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How LCoS Works

by Tracy V. Wilson

Most people grew up watching a cathode ray tube (CRT) television. These televisions, while bulky
and heavy, had a great picture as long as they got a clear signal. CRT sets are still what a lot of
people think of when they think of TVs.

Photo courtesy JVC

An LCoS microdevice

But if you've shopped around for a TV recently, you've seen that now there are a lot more options.
CRT still works well for screen sizes up to 40 inches. But if you want a larger screen, a flat panel TV,
widescreen model or HDTV compatibility, you'll have to choose from several types of sets, including
liquid crystal display (LCD), digital light processing (DLP) and liquid crystal over silicon (LCoS).

LCoS isn't particularly new technology, but it wasn't readily available until recently. In this article, we'll
look at the technology behind LCoS, how it provides a clear picture and how manufacturers have
addressed issues with black levels and contrast.

Thank You
Thanks to Daniel Guzman for his
assistance with this article.

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Review of LCD and DLP

The most common use for LCoS is front- and rear-projection televisions. The setup is a lot like what
you find in a DLP system. DLP uses a digital micromirror device (DMD) to create a picture using a
process that's like making a mosaic out of small, square tiles. The DMD contains millions of
microscopic mirrors that reflect light from a lamp. Each mirror creates one pixel of the final image.

Photo courtesy Texas Instruments

A DLP system using one DMD and a color wheel to provide color.

The mirrors flip back and forth between their "on" and "off" positions very rapidly. When mirrors are
on, they point toward a projection lens. The longer a mirror is in the on position, the brighter the pixel
it creates. Mirrors creating black pixels remain off. In most DLP televisions, a color wheel spins
between the lamp and the DMD, adding red, green and blue light to the picture. The viewer's eyes
combine these colors to create the finished image.

LCoS uses a very similar idea. As with DMDs, LCoS devices are tiny -- most are less than one inch
square. Both technologies are also reflective -- the devices reflect light from a source to a lens or
prism that collects the light and displays the image. But instead of tiny mirrors that turn on and off,
LCoS uses liquid crystals to control the amount of reflected light.

A liquid crystal is a substance that is in mesomorphic state -- it's not exactly a liquid or a solid. Its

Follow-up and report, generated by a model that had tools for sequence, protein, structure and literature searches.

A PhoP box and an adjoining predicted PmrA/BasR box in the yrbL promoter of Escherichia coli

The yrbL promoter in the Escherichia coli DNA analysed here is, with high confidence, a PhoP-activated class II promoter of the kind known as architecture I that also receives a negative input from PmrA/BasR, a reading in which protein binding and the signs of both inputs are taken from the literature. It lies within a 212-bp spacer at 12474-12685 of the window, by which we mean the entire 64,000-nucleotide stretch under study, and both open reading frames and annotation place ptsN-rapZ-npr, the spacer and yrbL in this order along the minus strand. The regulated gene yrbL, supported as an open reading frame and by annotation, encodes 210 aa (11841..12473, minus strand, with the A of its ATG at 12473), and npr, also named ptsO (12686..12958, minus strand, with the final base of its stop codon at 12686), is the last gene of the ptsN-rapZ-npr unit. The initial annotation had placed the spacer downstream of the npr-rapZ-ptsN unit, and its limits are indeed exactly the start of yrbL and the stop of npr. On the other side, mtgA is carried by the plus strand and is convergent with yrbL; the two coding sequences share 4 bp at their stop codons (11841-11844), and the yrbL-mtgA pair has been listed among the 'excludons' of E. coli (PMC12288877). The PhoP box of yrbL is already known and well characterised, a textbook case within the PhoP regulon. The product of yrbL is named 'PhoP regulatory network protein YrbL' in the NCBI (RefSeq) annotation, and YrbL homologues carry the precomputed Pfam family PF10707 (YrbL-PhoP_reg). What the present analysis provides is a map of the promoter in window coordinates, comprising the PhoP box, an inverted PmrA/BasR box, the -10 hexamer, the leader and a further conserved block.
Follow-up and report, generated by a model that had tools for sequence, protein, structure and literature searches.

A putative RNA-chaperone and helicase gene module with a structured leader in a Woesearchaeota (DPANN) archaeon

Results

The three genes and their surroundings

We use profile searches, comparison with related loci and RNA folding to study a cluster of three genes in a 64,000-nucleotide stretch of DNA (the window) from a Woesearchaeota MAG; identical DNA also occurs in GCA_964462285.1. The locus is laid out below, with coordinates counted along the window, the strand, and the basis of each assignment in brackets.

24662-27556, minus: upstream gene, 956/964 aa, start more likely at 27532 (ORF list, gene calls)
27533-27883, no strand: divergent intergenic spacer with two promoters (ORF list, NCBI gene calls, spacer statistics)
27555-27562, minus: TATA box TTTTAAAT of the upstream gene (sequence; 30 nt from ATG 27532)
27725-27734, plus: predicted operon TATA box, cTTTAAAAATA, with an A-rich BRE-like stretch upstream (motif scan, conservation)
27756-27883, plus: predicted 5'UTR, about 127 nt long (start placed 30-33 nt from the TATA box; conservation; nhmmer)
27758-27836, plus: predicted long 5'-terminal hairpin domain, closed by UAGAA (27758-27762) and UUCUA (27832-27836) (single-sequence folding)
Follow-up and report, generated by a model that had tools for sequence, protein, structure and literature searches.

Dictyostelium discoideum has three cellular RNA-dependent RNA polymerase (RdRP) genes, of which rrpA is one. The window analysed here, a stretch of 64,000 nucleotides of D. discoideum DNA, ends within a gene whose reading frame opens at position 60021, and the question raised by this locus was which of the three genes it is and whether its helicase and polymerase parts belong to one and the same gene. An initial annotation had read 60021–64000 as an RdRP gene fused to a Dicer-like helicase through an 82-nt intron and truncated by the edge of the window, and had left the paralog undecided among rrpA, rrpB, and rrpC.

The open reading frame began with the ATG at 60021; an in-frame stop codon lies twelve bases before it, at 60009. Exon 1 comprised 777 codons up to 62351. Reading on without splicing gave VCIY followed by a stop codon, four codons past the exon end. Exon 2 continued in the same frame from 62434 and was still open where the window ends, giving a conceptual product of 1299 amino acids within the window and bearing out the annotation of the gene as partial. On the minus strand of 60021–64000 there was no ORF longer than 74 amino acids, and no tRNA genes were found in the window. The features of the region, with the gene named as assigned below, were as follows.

molecules usually hold their shape, like a solid, but they can also move around, like a liquid. Nematic
liquid crystals, for example, arrange themselves in loose parallel lines. Most LCDs use twisted
nematic (TN) crystals -- with the application of an electrical charge, the twisted crystals straighten out.

When placed between two polarized panels, the twisted crystals guide the path of light. By changing
the direction of the light, the crystals allow or prevent its passage through the second panel. The
crystals' ability to change the path of the light is central to its use in LCDs and LCoS systems.

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In their twisted state, liquid crystals direct the light

so it can pass through the second polarized panel.

Ferroelectric liquid crystals (FLCs), sometimes used in LCoS devices, are crystals which align
themselves at a fixed angle away from the normal into orderly rows. They also develop electrical
polarity when they come into contact with an electrical charge. Ferroelectric chiral smectic C crystals
can switch their orientation very quickly. You can learn more about smectic and nematic liquid crystals
at Kent State University's Liquid Crystal Institute.

The liquid crystal layer in an LCoS microdevice controls the amount of light for each pixel, like the
mirrors do in a DMD. But making the picture requires more than just the microdevice -- it also requires
lenses, mirrors and prisms.

One More Quick Review: Semiconductors

Silicon is a semiconductor. Semiconductors are used in diodes,
which allow current to move in only one direction, and
transistors, which either amplify currents or switch them on and
off. The silicon in an LCoS device is often SRAM (Static Random
Access Memory) or a CMOS (Complimentary Metal Oxide
Semiconductor) photo sensor.

Projection and Color

It takes several steps to create a picture in an LCoS television. The process includes a high-intensity
lamp, a series of mirrors and microdevices arranged into a cube, a prism and a projection lens. From
beginning to end, here's what happens: